March is Garden Month at The Cummer
The Cummer Gardens are beautiful throughout the year, but they peak during the month of March. This year marks the fourth year the museum will host Garden Month to celebrate these remarkable spaces. With a history dating back more than one-hundred years, the Cummer Gardens are places of learning, energy, and respite. Many activities during the month will provide opportunities for all ages and interest levels to explore their beauty and tranquility.
Garden Month will begin with the free family day Kickoff and Plant Sale on March 4, with new plants for sale from local vendors, plein air painting, live music, family art activities, and garden tours throughout the day. Throughout the month on Tuesdays and Thursdays, garden tours will be offered to the public at 11 a.m. A special luncheon and lecture by P. Allen Smith will be offered on March 22, and March 25; Garden Conservancy’s Open Days Program will offer a tour of the Cummer Gardens and a number of private gardens in the Riverside neighborhood. Details can be found at www.cummermuseum.org.
The Cummer Gardens were the first passion project of Ninah
Cummer, long before the idea to create a museum was born. Ninah met her future husband, Arthur Gerrish Cummer, while attending the University of Michigan. The couple married in 1897 and relocated to Jacksonville, where Mr. Cummer’s family had established the Cummer Lumber Company the year prior.
Mrs. Cummer recalled Jacksonville as being “a quiet, restful little would-be city of about 3,000 population … the streets, some paved and some unpaved, were lined with wonderful live and water-oak trees. In many places orange trees … scattered their fragrance hither and yon. Often we found in the doorways and parkways beautiful hollies and the fresh, reddish-bronze green of the young camphor trees … the stately magnolia, with her glistening leaves and pungent white blossoms, was so plentiful as to almost assume the proportions of a magnolia grove.”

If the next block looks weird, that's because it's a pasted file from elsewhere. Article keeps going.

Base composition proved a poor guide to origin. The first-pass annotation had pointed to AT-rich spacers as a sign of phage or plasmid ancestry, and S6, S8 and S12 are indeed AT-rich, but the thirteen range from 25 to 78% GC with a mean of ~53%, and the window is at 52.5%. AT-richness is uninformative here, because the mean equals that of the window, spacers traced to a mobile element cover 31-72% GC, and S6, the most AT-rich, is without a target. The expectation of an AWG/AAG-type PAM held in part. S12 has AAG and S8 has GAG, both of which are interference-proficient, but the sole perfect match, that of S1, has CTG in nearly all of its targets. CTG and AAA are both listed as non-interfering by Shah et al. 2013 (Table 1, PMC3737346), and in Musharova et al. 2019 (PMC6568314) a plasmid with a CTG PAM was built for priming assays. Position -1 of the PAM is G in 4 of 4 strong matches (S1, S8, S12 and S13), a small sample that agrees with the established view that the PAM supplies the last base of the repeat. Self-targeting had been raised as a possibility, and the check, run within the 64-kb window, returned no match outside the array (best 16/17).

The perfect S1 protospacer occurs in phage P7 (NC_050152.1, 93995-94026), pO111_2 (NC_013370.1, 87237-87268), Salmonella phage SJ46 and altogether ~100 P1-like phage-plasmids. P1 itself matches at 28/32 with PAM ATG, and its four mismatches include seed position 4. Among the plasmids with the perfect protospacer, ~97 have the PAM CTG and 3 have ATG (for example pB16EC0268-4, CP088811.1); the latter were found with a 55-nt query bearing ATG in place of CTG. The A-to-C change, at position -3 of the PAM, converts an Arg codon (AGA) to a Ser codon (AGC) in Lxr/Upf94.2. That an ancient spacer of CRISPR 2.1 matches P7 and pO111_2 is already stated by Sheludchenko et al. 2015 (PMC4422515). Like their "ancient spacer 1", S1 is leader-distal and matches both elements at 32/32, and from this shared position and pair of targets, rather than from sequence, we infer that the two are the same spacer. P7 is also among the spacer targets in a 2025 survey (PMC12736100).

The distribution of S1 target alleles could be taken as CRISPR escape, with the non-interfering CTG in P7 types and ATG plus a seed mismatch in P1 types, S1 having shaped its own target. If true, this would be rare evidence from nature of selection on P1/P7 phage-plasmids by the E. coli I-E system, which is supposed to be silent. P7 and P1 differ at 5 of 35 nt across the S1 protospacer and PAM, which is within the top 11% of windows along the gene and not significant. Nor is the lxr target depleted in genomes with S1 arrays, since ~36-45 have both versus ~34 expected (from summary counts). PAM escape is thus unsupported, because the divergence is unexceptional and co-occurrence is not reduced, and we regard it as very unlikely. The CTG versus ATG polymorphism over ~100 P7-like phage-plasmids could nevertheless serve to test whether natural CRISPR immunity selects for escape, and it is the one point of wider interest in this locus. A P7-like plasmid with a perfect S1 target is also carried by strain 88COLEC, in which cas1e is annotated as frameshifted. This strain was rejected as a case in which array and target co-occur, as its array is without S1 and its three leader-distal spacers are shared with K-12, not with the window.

As a young bride, Ninah Cummer directed the construction of the newlywed’s home, a Tudor-style dwelling completed in 1903, and its grounds. She first sought the advice of well-known Michigan-born landscape architect Ossian Cole Simonds on the general arrangement of the grounds. He primarily focused on locating the house, preserving trees already on the property, and consulting on some plant material around the home.
By 1910, Mrs. Cummer was ready to augment the garden. She turned to Philadelphia-based nurserymen and designers Thomas Meehan and Sons for a more formal arrangement in the lower gardens. Meehan recommended hundreds and hundreds of annuals and perennials. This plan must have originally suited Mrs. Cummer because she chose to commemorate the garden, now known as the English Garden, in her personal book plate. However, Mrs. Cummer became frustrated with the inability of many plant specimens to survive the Florida climate. Not one to shy away from a challenge, she attacked the problem head on, embarking on a program of research, trial, and error. This process resulted in gardens that were always evolving. The biggest shift occurred in 1925, when Mrs. Cummer traveled to South Carolina to hear a lecture by Harold Hume on azaleas and quickly incorporated them into her garden.
By Holly Keris